Blood and Water

As I was mulling over the title for this post, I was not thinking of 1 John 1, though I did think of it immediately after.  The title comes from the two items in the courtyard of the tabernacle:  the bronze altar and the laver.  It is these I was thinking about with the title.  In our last post, we talked about entering the courtyard, something there’s no evidence that the ordinary Israelite could do.  He had business at the bronze altar if he had a sacrifice, and he could probably see the bronze laver, but he couldn’t approach it.

We want to look more closely at these two items ourselves as we journey inward.

The Bronze Altar

In Leviticus 1, we read part of God’s instruction to Moses about the various sacrifices:

“If his offering is a burnt sacrifice of the herd, let him offer a male without blemish; he shall offer it of his own free will at the door of the tabernacle of meeting before the LORD.  Then he shall put his hand on the head of the burnt offering, and it will be accepted on his behalf to make atonement for him.  He shall kill the bull before the LORD; and the priests, Aaron’s sons, shall bring the blood and sprinkle the blood all around the altar that is by the door of the tabernacle of meeting,” Leviticus 1:3-6 NKJV.

By the way and simply because I’ve heard it used like this:  the expression his free will” is not making a doctrinal statement about man’s will; it simply means that the offering was voluntary, as opposed to those offerings which were required.

These verses tell us that the one bringing the sacrifice was not a passive onlooker to what was going on, but he was an active participant.  At the least, he had to put his hand on the head of the animal being sacrificed, and the text reads as though he had to kill it, v. 4.  The text down through v. 8 indicates he might also have had parts in the other proceedings.  We’ll stay with some thoughts about v. 4.

He put his hand on the head of the animal.  Doing so, the man was identifying with the animal as the one atoning for the man’s sin.  The man was saying, in effect, “I deserve to die, but you are taking my place.  You are my substitute.”

He also, it seems, had to kill the animal.  In this, the man was saying, “I’m killing you; my sin is killing you.  You are my sacrifice.”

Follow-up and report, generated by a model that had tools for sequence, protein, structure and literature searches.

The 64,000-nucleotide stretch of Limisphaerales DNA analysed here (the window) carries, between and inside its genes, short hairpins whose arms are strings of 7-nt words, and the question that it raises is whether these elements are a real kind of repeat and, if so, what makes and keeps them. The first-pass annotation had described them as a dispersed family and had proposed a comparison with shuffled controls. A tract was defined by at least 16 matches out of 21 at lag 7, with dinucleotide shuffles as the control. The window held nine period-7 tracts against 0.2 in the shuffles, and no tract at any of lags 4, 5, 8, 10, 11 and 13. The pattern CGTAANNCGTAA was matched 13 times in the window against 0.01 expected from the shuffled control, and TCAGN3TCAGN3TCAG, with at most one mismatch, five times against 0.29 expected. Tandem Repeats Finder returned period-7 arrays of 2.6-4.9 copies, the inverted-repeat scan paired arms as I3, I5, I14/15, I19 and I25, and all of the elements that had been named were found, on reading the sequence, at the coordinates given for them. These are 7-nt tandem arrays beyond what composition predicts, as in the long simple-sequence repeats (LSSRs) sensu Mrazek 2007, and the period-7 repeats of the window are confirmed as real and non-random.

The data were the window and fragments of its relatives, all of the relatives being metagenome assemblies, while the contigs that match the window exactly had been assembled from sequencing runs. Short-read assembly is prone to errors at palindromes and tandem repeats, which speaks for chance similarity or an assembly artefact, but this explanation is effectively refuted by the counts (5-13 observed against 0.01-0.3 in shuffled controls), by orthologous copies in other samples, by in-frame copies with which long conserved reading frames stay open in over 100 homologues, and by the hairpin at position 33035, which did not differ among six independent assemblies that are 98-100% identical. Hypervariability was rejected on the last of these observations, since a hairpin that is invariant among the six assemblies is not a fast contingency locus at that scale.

Substitution.

Sacrifice.

Two essential elements in the OT sacrificial system.

Two essential elements in the death of the Lord Jesus.

I asked a fellow once, “What did Jesus do on the Cross?”

Beside the fact that Jesus died, the fellow didn’t seem to have very much idea.

The simple fact is that Christ died for sin, not His own because He had none, but for the sin of others.  He took their place.  As the animal died instead of the individual Israelite, so the Lord died in place of individual sinners.  He was their Substitute.

The Israelite was guilty of sin.  So are we, and the wages of sin is death, Romans 3:23.  The animal was sacrificed to take his place.  We are guilty of sin and death is our reward, both physically and spiritually, if we die without the Lord Jesus as our Redeemer and Savior.  We will die physically unless the Lord comes back before then.  If you’ve recently lost a loved one, I’m sorry.  I don’t mean to add to your grief.

And apart from the Lord Jesus, we are already “dead in trespasses and sins,” Ephesians 2:1, already “dead spiritually.”  And apart from the Lord Jesus, we are already guilty before God.  The common idea that we’ll have to wait until the Judgment to find out our “fate” is false; it’s already set – apart from the Lord Jesus:

He who believes in Him is not condemned; but he who does not believe is condemned already, because he has not believed in the name of the only begotten Son of God, John 3:18 emphasis added.

He who believes in the Son has everlasting life; and he who does not believe the Son shall not see life, but the wrath of God abides on him, John 3:36 emphasis added.

Not “the love of God,” as so often and falsely taught today, but the wrath of God.

Only in the Lord Jesus does one have any “claim” on the love of God.  Apart from Him, there is only wrath.

Apart from the Lord Jesus, there is no hope and no future.  There is no “better place.”

He is our Substitute, our Sacrifice.

The second item of furniture in the courtyard was the laver, for the daily and continual cleansing of the priests as they went about their duties.

We, too, though forgiven, also need daily cleansing from the increasing pollution and filth of this world.  As the Israelite was made unclean just by contact with things which were unclean, so we, in contact with this world, are made unclean by its actions and philosophies and need to be cleansed.

Believe on the Lord Jesus Christ, and you will be saved, Acts 16:31.

If we confess our sins, he is faithful and just to forgive us our sins and to cleanse us from all unrighteousness, 1 John 1:9.

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God’s Altar